Strictly speaking, a chandelier is any multi-branch ceiling light. But what we understand in popular usage as a chandelier today - a grand ceiling light fitting with many lights and multiple crystal prisms - is the result of a long evolutionary process of this type of light. Originally made in wood as a cross with spikes on which to fix the candles, they were able to be lowered for lighting, and then hoisted to a suitable height by means of a pulley. From the 15th century they were made in a wider variety of materials including brass, wrought iron, gilded wood and silver. By the 18th century, developments in glassmaking allowed for the introduction of prisms in their manufacture, because of their light scattering properties. An elaborate chandelier was a status symbol of the wealthy in the 18th and 19th century and materials now used included bronze and porcelain. Manufacturers of the crystal prisms included famous names in glassmaking such as Baccarat and Waterford. Prestigious English manufacturers of the time included Parker & Perry, of Fleet Street, F.& C. OSLER of London and Birmingham and Maydwell and Windle.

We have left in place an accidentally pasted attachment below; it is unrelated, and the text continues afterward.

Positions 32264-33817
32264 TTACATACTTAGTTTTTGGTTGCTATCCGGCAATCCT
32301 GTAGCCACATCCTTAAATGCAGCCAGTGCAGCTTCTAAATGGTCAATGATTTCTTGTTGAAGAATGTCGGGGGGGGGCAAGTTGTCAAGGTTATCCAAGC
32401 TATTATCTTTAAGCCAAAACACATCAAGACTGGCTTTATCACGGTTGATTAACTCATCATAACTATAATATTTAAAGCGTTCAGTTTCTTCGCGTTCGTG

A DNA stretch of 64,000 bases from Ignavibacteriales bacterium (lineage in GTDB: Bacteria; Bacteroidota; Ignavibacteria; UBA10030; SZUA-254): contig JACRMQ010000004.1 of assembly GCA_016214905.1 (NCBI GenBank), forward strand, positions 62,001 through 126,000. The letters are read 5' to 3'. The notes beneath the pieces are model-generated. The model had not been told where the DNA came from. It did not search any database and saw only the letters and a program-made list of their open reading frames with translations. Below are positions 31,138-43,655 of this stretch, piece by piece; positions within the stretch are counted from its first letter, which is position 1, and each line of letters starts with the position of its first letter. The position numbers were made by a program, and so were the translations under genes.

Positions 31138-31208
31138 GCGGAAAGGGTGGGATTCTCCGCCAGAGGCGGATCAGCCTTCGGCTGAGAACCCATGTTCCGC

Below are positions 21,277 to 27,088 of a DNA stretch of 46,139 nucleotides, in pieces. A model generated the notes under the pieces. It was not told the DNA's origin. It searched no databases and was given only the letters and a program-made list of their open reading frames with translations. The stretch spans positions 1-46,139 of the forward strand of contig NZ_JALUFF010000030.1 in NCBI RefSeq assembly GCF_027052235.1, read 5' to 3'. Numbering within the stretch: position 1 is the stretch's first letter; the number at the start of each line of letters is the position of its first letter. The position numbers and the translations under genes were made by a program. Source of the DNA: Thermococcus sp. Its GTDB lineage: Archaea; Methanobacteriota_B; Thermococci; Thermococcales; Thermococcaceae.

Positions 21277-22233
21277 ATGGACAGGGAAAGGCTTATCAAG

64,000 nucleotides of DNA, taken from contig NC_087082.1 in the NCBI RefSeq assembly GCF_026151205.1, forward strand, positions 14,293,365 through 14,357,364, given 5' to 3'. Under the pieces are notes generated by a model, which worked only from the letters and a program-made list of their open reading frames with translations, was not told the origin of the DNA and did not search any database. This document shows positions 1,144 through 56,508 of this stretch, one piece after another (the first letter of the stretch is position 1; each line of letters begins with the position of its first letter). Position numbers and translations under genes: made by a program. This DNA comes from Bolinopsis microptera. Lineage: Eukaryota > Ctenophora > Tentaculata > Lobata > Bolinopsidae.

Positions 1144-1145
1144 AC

Waterford crystal chandelier with six branches, all with eight crystal drops stamped with the Waterford mark, the lower basket with six complete crystal drops and a cut crystal ball, the upper basket with nine crystal drops (one drop missing) height 80 cm
A pair of six arm Waterford chandeliers, contemporary, 'Avoca' pattern, each with scrolling arms and sconces supporting candle style lights and hung with prism drops, with maker's mark. Height 98 cm. Diameter 64 cm. (approx)
A pair of Waterford crystal chandeliers 20th century, the central stem of crystal beaded tiers with a lower shaped dish supporting the six looped branches which are suspended with long drops, approx 90 cm high
A 20th century cut crystal ten light chandelier by Waterford, the central moulded glass stem issuing five short and five long shaped arms, with pendant drops, wired for electricity. Width 70 cm97 cm high
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